With the official start of free agency at noon Saturday, you would not have expected Bruins General Manager Don Sweeney to put all his cards on the table on when he met reporters Friday.

But while Sweeney said he’s still exploring his options both on the trade market and in free agency, he certainly sounded like a man who would be content to fill the holes in his roster with some of the high end prospects he’s been stockpiling in his two years as GM.

“I’m in a patient mode,” said Sweeney at Warrior Ice Arena. “We’ve positioned ourselves with the strength of our prospects and have a commitment to our prospects and we feel excited about that.”

Sweeney said he hasn’t had lot of conversations with unrestricted free agents during the open discussion period, but his area of focus has been left defense. The Bruins were rumored to be interested in Trevor Daley, but it appears the two-time Stanley Cup winner is headed from Pittsburgh to Detroit. Vancouver is rumored to be the front-runner for Michael Del Zotto.

While Sweeney said he’s comfortable with the team’s prospects and hopes someone breaks through like Brandon Carlo last year, he conceded that the prices and terms that some of the free agents are looking for is also coloring his thinking.

“There’s no question it’s a factor,” said Sweeney. “It speaks to the dynamic moving forward and where we currently sit. We’d like to maintain flexibility, with the mindset that the younger players that we’ve committed (to) from the draft and development process will bear (fruit). Now there’s – I wouldn’t call it an anxiety – but there’s a bit of an unknown there versus a player that has done it before. But the league has gone in that direction. I’ve said all along we needed to be a deeper, more talented team and we remain committed to it.”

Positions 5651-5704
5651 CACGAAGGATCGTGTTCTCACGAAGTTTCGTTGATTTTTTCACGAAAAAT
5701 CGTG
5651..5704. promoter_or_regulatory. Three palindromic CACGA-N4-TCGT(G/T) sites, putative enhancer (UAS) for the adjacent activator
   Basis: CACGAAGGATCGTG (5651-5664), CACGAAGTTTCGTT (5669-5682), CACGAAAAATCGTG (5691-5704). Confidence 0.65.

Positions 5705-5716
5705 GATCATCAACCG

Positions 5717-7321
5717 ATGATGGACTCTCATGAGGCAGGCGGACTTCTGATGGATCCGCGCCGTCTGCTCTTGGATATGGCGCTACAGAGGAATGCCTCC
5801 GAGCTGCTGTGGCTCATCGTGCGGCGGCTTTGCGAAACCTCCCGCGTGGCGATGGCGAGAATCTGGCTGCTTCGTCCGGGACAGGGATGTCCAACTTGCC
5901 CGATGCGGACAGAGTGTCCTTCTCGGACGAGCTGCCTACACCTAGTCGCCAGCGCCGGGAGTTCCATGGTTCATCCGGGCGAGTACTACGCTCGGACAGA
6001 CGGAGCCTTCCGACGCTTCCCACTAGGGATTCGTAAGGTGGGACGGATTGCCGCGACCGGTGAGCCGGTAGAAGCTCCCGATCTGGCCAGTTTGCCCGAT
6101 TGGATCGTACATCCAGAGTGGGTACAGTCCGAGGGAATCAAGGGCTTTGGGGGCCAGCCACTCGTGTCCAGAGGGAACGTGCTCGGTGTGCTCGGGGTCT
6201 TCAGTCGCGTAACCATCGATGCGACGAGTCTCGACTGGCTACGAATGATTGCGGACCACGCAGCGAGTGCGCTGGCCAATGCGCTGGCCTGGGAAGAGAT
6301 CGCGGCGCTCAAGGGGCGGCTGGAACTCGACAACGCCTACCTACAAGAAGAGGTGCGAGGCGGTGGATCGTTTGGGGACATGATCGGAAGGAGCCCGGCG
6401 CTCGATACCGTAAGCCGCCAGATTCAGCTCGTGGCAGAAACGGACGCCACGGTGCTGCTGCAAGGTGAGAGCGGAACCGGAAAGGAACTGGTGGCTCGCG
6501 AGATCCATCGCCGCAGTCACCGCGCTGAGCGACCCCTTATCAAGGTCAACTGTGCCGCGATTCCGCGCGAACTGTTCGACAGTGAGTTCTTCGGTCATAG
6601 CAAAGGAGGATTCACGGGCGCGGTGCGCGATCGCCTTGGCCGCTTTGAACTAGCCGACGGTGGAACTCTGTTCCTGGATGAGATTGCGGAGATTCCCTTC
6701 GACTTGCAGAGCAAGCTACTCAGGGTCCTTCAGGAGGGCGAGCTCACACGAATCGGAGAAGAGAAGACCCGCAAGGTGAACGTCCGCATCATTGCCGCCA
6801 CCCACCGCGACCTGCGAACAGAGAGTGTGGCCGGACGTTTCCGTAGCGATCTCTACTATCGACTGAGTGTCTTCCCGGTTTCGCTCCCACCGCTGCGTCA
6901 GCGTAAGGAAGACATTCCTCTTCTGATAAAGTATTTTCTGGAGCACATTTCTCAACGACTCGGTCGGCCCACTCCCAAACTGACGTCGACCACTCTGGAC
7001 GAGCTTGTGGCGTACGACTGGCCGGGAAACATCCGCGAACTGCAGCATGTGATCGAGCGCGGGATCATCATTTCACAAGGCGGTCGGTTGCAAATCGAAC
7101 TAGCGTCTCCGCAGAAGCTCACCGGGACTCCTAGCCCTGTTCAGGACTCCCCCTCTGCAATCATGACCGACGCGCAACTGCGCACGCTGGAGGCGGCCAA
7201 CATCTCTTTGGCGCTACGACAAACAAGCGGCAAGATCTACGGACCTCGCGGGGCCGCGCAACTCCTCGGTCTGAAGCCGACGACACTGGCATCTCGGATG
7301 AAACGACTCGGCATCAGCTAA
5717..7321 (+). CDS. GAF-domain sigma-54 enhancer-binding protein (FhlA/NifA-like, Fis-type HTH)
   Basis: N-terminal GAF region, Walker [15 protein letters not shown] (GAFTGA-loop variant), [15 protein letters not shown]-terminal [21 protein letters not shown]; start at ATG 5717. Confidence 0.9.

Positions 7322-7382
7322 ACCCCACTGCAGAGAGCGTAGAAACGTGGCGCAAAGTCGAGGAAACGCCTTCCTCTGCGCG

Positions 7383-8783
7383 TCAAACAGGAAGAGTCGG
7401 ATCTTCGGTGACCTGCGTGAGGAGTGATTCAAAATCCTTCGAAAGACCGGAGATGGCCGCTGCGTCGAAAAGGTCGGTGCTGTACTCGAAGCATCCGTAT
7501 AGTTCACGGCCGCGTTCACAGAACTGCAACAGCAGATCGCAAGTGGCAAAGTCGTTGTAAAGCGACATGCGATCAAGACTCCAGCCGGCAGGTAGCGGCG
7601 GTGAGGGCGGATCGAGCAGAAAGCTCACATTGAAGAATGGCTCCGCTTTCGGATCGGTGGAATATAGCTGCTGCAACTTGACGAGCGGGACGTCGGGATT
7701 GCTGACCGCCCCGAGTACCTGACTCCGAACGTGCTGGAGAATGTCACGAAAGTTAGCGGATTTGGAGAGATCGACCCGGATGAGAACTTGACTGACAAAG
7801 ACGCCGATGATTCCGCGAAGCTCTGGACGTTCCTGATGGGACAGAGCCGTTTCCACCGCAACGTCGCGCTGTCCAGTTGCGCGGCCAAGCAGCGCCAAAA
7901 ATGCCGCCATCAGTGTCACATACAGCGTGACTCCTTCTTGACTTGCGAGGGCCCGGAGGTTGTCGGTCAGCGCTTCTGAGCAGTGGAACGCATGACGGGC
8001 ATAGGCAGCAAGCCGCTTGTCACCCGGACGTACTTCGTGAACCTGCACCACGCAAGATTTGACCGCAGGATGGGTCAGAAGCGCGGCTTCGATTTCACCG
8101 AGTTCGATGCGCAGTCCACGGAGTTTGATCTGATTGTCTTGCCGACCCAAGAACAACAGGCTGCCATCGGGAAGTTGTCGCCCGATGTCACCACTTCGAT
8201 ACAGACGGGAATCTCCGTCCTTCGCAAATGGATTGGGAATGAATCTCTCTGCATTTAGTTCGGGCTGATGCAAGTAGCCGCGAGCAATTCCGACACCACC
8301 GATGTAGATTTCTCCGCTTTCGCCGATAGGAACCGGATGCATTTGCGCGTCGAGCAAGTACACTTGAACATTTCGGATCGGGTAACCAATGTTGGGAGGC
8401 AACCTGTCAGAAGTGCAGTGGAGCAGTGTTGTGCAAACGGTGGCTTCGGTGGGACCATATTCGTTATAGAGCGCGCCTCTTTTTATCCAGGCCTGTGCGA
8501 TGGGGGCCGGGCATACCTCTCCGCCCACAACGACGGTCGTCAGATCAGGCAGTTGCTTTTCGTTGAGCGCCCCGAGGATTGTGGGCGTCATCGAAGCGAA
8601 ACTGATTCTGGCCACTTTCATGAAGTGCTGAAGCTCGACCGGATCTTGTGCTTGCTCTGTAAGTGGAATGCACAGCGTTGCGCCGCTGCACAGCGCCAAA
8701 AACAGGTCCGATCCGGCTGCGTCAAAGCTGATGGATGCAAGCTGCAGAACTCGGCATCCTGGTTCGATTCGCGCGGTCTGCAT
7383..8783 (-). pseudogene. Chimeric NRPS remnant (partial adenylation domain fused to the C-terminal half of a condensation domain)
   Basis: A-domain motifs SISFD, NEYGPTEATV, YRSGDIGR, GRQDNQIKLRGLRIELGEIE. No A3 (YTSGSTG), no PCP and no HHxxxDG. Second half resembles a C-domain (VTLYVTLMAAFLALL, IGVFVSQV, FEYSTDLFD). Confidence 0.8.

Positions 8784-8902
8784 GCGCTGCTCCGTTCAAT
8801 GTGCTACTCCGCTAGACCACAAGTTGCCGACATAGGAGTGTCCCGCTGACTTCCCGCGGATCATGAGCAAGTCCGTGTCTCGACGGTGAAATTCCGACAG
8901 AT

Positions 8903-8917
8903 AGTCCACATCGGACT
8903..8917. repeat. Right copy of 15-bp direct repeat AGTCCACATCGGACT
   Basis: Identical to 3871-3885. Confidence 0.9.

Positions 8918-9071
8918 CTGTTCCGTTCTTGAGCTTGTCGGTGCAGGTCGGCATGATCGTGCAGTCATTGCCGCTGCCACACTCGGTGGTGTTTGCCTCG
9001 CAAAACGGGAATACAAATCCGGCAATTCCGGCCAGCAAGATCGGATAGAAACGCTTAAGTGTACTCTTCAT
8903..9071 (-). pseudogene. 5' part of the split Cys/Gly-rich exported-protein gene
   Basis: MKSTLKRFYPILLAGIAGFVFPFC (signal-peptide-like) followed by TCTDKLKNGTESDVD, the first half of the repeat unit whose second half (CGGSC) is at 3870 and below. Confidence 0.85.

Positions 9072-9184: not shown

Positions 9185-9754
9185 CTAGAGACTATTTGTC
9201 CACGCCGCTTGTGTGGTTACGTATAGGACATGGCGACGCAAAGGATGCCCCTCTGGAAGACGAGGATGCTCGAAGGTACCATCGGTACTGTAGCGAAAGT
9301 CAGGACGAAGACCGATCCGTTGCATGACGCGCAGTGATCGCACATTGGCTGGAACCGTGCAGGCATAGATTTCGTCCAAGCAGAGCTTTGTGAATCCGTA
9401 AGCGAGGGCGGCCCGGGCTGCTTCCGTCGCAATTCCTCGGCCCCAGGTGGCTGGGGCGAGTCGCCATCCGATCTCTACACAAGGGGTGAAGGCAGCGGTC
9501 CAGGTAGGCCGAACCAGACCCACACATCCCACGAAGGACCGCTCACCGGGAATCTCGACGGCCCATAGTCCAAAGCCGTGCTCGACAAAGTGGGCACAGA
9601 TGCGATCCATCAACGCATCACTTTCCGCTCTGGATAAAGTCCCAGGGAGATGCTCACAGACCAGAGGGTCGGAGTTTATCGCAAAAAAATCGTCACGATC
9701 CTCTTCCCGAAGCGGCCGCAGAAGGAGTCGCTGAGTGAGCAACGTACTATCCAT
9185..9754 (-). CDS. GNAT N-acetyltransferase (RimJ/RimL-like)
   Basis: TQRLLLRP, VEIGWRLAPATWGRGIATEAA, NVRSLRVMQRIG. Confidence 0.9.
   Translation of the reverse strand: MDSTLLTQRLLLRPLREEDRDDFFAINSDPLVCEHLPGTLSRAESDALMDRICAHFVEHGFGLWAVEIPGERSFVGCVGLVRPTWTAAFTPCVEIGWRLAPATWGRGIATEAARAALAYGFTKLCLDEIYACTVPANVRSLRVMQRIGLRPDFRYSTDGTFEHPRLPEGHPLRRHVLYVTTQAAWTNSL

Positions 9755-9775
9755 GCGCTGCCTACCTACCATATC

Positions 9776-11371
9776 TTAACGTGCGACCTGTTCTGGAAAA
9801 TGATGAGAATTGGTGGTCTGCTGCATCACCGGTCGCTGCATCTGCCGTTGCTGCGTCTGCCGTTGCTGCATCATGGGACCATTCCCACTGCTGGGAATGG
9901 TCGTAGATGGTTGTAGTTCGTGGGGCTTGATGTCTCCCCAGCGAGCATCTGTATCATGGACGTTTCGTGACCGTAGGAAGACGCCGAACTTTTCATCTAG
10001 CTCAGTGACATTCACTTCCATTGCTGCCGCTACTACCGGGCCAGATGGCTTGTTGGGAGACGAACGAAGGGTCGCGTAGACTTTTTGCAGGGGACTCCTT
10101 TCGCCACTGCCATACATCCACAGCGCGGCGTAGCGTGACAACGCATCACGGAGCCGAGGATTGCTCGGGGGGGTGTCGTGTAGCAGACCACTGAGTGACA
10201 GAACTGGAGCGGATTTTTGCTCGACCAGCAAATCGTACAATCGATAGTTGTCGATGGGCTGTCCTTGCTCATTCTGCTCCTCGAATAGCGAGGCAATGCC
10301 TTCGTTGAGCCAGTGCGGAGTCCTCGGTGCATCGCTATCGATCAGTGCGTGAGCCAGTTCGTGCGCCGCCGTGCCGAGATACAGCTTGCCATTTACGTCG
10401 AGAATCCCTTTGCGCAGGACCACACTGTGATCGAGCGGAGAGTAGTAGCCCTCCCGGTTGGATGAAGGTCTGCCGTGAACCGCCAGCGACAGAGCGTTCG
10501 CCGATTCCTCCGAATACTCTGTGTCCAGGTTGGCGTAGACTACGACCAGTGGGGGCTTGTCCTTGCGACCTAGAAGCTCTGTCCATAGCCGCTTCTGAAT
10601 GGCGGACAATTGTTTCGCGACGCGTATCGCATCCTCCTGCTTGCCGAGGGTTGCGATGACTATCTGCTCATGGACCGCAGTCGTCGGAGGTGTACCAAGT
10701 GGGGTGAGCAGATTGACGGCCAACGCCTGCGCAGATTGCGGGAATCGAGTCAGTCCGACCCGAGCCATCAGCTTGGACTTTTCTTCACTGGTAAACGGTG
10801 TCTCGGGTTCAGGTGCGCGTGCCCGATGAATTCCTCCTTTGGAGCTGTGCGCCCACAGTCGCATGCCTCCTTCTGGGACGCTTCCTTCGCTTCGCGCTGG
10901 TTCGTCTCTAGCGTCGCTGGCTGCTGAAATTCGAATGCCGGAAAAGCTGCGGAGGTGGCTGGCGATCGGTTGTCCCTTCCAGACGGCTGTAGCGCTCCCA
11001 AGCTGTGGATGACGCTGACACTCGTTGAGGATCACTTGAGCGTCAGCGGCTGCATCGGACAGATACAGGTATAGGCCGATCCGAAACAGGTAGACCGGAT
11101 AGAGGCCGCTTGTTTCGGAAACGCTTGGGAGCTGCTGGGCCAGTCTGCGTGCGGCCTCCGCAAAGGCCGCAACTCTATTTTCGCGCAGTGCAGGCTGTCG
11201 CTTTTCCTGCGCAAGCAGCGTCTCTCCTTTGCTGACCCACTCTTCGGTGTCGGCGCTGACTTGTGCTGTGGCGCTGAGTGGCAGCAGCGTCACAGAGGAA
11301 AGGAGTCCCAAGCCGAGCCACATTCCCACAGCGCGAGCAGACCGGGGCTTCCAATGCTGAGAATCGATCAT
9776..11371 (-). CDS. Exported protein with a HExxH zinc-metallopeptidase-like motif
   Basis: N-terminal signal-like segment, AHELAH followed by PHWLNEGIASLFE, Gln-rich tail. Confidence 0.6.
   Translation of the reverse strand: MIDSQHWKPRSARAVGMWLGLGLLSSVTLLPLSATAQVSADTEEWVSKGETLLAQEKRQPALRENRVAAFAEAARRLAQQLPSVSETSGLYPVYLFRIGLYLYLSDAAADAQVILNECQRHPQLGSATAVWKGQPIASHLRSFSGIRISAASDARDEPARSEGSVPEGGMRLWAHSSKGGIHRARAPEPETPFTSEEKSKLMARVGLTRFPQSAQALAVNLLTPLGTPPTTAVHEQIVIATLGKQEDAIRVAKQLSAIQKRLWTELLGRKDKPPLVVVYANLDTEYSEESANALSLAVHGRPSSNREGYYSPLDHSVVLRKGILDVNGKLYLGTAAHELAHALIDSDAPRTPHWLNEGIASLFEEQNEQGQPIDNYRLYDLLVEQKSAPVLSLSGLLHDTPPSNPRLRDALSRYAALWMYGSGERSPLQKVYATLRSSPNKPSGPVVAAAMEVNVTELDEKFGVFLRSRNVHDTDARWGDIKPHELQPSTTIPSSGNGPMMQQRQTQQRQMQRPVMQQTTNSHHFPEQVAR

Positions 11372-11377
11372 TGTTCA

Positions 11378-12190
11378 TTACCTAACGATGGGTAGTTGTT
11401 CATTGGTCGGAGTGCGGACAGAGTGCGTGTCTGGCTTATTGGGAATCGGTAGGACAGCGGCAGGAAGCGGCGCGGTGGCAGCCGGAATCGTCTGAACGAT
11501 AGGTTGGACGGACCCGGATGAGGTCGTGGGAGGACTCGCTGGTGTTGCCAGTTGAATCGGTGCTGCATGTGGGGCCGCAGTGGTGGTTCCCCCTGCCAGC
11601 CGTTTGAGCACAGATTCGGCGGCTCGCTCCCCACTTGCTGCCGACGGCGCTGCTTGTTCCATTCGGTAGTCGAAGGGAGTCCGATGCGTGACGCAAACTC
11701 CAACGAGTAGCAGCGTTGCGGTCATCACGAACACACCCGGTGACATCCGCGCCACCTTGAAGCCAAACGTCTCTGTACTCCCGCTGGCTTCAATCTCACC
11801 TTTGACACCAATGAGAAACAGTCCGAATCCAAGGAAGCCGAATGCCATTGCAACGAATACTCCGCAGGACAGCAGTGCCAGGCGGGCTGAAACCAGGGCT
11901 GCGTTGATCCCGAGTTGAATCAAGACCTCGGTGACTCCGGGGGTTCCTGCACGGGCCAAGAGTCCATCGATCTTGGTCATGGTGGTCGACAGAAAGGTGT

Though Sweeney didn’t say exactly what he was looking for on the market, the Bruins probably would like to sign a left-handed shooting defenseman on a one-year deal who could hold the space for one of the young prospects coming up. And if one of the kids – Robbie O’Gara and Matt Grzelcyk have a year of pro hockey under their belts, while Jakob Zboril (a first-round pick from 2016) and Jeremy Lauzon (second-round pick in 2015) are of higher pedigree – happens to be better, then so be it.

Secondary free agents usually don’t get signed until later in the summer. Who could that be? Former Bruins Mark Stuart or Matt Hunwick? Johnny Oduya? We’ll see.

As it stands now, the right-handed Kevan Miller would have to play his off side and perhaps be paired with rookie Charlie McAvoy.

“That’s a coach’s decision, though I’ve had a lot of conversations with Bruce (Cassidy). He’s certainly played him over there and (had) him playing with Charlie in the playoffs. He’s capable of it,” said Sweeney.

“Would we like to continue to explore or have one of our lefties step up? Yes. We have been exploring. I don’t know that it’s going to come to fruition in the next day and half. We also know that both O’Gara and Grzelcyk have played (NHL) games and Tommy Cross has played games. We have guys internally that we’d like to give the opportunity to see if they can take that spot.”

The Bruins are approximately $14.5 million under the salary cap, but that can change quickly. Carlo and McAvoy will be up for new contracts after next season, and some of their forward hopefuls – Jake DeBrusk, Anders Bjork, Zach Senyshyn – would be up the following season. And if they’re as good as the Bruins hope, they’ll be expensive.

“We’re very cognizant of our younger players that will arrive, maybe colliding, at once,” said Sweeney. “We’ve put ourselves in a cap situation that has some flexibility and I want to maintain that.”